More Ideas on Achieving Flow

You don’t need everything that the metropolitan “people hubs” offer: few people will visit every restaurant, neighborhood, and show in New York during their time as residents…so if they only experience a fraction of the city is it worth the New York price tag? If what you want is rolling hills, greenery, and the ocean nearby, but you’re not planning on creating a startup, is San Francisco worth the price tag? Would the suburbs of Seattle be a better option? If you can work remotely but love the beach but aren’t concerned with “flashiness”, are LA and Miami really the best options? Or could you do Thailand, the Philippines, or Colombia for a period?  You’ll never know unless you check…so dig through best places to live by what you value to make a list of options and narrow down to the true finalists.

You only need the things that fulfill you, everything else is excess: Do you need nature? Look into Utah and Montana over Colorado. Do you need museums and art? Consider a non-capital city in Europe for a period. Do you need to be social? Nashville, Tennessee has plenty of bars and live music and a price tag that is a fraction of that in Austin, TX.

Sanity Check on “Flow”: Ask yourself these questions as you consider location upgrades
• Do you really need to live in a particular state?
• Do you really need to live in the US?
• Is the salary difference for a lower paying city worth the increase in quality of life and decrease in cost of living?

How to Optimize Your “Flow”

Flow Step 1: Identify the things in a location that provide genuine, deep satisfaction

Sit down and list everything your perfect city would have, and then rank the items. On a separate list, write down all of the things your current city is known for and rank the items by notoriety and prestige. How do the lists compare? If the two lists look completely different, then the flow of your current location doesn’t match your needs. GET OUT!! What does this mean? It is likely not easy to do the things that fulfill you, or, there is a hefty price tag on those activities relative to other, more suitable places. Optimizing the “flow” of your daily life means taking the list of your priorities and finding a location where the city/country offerings more closely match your priorities

Flow Step 2: Identify locations that specialize in offering what matters to you, compromise on as much else as possible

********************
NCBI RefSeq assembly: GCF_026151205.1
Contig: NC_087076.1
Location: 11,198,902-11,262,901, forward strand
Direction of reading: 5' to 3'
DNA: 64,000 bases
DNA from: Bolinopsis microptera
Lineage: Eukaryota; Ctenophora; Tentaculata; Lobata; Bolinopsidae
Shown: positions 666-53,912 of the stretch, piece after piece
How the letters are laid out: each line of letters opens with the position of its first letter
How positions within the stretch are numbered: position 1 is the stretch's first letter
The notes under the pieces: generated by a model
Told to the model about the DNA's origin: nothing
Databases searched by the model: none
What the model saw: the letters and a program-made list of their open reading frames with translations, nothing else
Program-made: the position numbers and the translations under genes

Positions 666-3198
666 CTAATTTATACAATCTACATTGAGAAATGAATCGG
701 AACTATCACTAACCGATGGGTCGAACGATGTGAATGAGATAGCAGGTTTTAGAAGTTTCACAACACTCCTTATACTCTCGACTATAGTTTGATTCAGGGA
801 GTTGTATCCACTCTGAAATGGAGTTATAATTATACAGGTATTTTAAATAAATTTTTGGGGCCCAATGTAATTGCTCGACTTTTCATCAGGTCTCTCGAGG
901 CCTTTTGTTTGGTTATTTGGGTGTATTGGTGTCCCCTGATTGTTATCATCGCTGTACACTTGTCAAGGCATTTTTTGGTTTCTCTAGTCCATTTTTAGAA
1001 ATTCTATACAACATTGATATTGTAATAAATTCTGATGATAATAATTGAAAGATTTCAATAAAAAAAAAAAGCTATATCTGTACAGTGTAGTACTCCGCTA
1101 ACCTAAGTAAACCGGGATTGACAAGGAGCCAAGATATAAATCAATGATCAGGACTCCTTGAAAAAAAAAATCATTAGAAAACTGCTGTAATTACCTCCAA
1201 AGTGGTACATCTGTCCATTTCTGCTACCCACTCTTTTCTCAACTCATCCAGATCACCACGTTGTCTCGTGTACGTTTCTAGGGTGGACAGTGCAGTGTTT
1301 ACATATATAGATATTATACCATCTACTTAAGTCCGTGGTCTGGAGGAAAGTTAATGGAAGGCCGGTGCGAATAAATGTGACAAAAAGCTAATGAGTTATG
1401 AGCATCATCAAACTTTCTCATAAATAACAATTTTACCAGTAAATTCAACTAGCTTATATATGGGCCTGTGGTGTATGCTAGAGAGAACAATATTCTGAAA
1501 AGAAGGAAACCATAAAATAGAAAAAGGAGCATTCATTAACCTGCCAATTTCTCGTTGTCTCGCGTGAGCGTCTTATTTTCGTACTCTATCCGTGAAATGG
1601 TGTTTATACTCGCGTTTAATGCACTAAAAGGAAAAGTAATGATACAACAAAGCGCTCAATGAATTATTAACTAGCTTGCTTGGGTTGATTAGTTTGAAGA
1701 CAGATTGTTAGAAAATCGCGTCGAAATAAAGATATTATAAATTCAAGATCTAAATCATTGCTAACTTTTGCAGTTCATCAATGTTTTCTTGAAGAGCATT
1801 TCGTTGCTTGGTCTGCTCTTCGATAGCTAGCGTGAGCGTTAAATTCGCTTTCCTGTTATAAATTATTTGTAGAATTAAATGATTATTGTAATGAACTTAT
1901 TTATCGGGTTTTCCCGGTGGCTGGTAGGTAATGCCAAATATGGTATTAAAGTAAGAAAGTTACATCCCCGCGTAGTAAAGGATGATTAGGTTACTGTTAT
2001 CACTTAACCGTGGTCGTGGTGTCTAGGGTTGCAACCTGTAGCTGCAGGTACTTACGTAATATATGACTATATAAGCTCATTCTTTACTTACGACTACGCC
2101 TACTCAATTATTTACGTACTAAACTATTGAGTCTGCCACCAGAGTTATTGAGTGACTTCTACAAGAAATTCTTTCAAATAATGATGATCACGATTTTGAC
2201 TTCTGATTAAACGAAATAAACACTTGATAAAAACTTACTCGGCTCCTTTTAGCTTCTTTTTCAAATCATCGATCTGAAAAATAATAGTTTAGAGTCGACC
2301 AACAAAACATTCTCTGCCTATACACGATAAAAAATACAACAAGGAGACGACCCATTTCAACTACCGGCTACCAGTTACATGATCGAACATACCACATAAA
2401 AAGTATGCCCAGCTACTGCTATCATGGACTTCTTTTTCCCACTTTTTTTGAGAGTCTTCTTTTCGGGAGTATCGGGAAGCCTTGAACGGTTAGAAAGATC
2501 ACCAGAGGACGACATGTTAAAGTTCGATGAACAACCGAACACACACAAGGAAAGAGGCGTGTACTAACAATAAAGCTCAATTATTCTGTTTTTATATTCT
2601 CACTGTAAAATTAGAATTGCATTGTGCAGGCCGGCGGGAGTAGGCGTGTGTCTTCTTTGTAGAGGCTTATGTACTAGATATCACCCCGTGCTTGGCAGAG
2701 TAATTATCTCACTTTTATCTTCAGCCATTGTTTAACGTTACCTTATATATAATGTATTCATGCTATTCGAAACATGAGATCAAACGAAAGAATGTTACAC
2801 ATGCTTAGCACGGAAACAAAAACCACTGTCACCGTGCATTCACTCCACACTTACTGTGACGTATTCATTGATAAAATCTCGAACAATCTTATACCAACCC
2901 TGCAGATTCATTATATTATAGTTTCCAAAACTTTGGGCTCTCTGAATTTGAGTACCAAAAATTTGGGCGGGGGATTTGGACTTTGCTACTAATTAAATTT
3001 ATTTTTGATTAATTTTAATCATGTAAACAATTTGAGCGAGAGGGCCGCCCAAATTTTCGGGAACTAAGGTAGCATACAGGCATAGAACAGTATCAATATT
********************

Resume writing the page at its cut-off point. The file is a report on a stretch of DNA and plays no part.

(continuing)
Most people only consider the familiar when sifting through options…but this eliminates a world of possibilities, literally. When most people think of a mountain paradise, they immediately think Boulder, Denver, or some other overpriced Colorado hub. I think Patagonia. I spent a summer in the area with few compromises and lived off ~$1500 a month on average and ~$2,000 when I splurged. That included tons of Argentine BBQ, tons of trekking, lots of wine, and comfy accommodations. If I asked you where to go for a beach vacation…would you say San Diego or Miami? I would say the Galapagos islands in the off season. Lobster dinners, yacht tours, and tons of adventure, for cheaper than my life in San Diego. I can describe a similar scenario for art and museums (eastern Europe), mountainous trekking (Andean countries), food (the Mediterranean), arts &culture (too many to list), and everything else you could imagine.

Flow Step 3: Identify non-conventional places that match your needs for a lower cost (financial and quality of life)

Practice it until you can perform reliably, and refine the product or service along the way. Don’t quit your job yet, experiment on the side first. Experiment with multiple “potential hustles” to see what fits. As you create your product or perform your service more regularly you will find the most efficient way to deliver with reliable quality and build comfort and confidence along the way

Bottom line: when it comes to finding your Flow figure out what matters, compromise on everything else, and save by not paying for the luxuries you don’t need

Putting it all together

Rome wasn’t built in a day…neither was Apple. On top of that, most of us have been steeped in our current ways of working and consuming for years. What’s the point? It will take more than an instant to design a new life. The effects of saving and consuming less will be visible immediately but require conscious and consistent change in habit. Building a successful hustle commonly takes at least a year of concerted effort according to most entrepreneurs, bloggers, and freelancers. Identifying the location that best fits your flow takes deep introspection, questioning how you see your world, and asking question you may have not addressed or considered for a very long time. What does this mean? Put in the time, stay dedicated, and you will get back improved quality of life for as much as you invest in this process of saving, hustling, and optimizing flow in your life.

Interested in more detail on how to Save, Hustle, and Flow in your life?